Want to watch more Indian cinema: Christopher Nolan
The Oscar-nominated filmmaker was on a visit to India to create awareness about celluloid films in the digital era
Multiple Oscar-nominated filmmaker Christopher Nolan, known for Batman Begins and The Dark Knight, says he is interested to watch and know more about Indian cinema.
On a visit to India to create awareness about celluloid films in the digital era, Nolan, at an interaction with select media here, asked if he watched any Indian films, said, "I have watched some Indian cinema, not enough though. But enjoyed them very much. I want to watch more of them."
The Insomnia filmmaker, who landed in Mumbai on Friday after a quick trip to Delhi, interacted with many iconic Indian film personalities, including Shah Rukh Khan and Kamal Hassan, on the subject matter of 'Reframing The Future of Film in India'.
"In fact that is one of the reasons why I am here in India, other than I believe in the cause (of saving celluloid film), is to meet more people from the Indian film industry and engage with the people from one of the greatest film cultures of the world... to learn more about it," Nolan said.
Being a filmmaker who's made films like Interstellar, Dunkirk, Inception using high-end technology, supporting the celluloid film is quite a traditional thought. Asked about how he reconciles these two, Nolan said, "Film is a media to tell a story so you can use whatever technology you want for it."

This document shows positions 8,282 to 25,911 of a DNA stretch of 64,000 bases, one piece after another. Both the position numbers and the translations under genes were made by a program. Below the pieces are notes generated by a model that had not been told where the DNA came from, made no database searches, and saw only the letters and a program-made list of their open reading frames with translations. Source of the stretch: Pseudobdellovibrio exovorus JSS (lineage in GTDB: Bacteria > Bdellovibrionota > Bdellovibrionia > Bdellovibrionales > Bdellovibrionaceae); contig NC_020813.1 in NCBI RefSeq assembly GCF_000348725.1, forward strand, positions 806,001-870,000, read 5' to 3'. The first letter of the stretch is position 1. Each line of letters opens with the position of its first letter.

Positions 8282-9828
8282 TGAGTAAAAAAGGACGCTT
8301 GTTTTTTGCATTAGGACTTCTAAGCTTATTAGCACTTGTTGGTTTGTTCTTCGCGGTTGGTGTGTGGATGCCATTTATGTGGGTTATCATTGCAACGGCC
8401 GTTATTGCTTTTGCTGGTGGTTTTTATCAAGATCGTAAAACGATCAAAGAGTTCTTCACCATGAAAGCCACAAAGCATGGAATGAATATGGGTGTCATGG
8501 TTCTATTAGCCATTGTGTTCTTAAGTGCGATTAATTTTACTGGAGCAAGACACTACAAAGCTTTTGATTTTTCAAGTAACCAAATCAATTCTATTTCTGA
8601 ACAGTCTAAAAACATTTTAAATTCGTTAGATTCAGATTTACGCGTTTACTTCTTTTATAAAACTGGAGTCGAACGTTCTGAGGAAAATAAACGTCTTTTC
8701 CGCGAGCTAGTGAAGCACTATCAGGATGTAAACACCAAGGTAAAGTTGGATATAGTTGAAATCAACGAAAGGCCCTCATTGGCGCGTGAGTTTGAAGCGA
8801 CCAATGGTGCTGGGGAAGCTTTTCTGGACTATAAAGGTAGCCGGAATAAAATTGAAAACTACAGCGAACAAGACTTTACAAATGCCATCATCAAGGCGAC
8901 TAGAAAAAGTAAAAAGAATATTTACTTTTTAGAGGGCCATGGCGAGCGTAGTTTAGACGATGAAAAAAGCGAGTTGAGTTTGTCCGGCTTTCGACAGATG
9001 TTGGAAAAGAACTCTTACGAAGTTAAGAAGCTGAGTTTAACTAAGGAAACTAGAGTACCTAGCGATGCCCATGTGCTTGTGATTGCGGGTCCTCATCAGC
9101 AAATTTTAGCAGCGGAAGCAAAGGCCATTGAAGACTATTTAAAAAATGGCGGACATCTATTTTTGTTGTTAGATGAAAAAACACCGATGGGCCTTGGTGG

"For example in Dunkirk, we tried to tell the story in an ambitious way, in a different way. We used interesting structural techniques and approaches. Traditionalist in terms of working methodology... to me, that is a technical question and not an artistic question," he said.
Born in 1970 in London, Nolan had a keen interest in storytelling and eventually that transformed into his aspiration to become a professional filmmaker. At the tender age of seven, he used his father's camera to make short films. In fact, at the age of eight, Nolan, who was highly influenced by watching Star Wars made a stop motion animation called Space Wars.
Interestingly, though well-versed with use of modern technology, the filmmaker does not use social media and cell phones. Asked what made him stop using social media, Nolan said, "I am not really interested in social media. We may live in a digital age but we are also living in an analog world. One of the interesting things about celluloid film is also that it really has a very good relationship with the real life; that, for me, at least, digital doesn't. It is about powerful storytelling too."
The 47-year-old film director went on to say, "There is a problem with the word digital. The word digital semantically means what? What is digital? Digital technology is used in everything. I used a massive amount of digital technology in my films."
Asked if he would like to make a film to address any political issue the way Steven Spielberg did with his film The Post, he maintained, "Well, no I tend to be instinctive about my choices. I think it is more important for me to present myself as a practical filmmaker. I think it would be very difficult for me to muster any enthusiasm."
So, what is the way to preserve the practice of celluloid filmmaking? "It is really about encouraging new filmmakers tp use celluloid film, going to labs and making sure that those technicians are passing the knowledge to the future generation. In America, there are theatre chains that conduct workshops, something that Shivendra (Singh Dungarpur, founder of Film Heritage Foundation) is also doing in India. I think we should start getting testimonies from people who understand this technology well and get it in a book form. But at this moment, through workshops, we can teach and get people hands on to these types of equipment," he said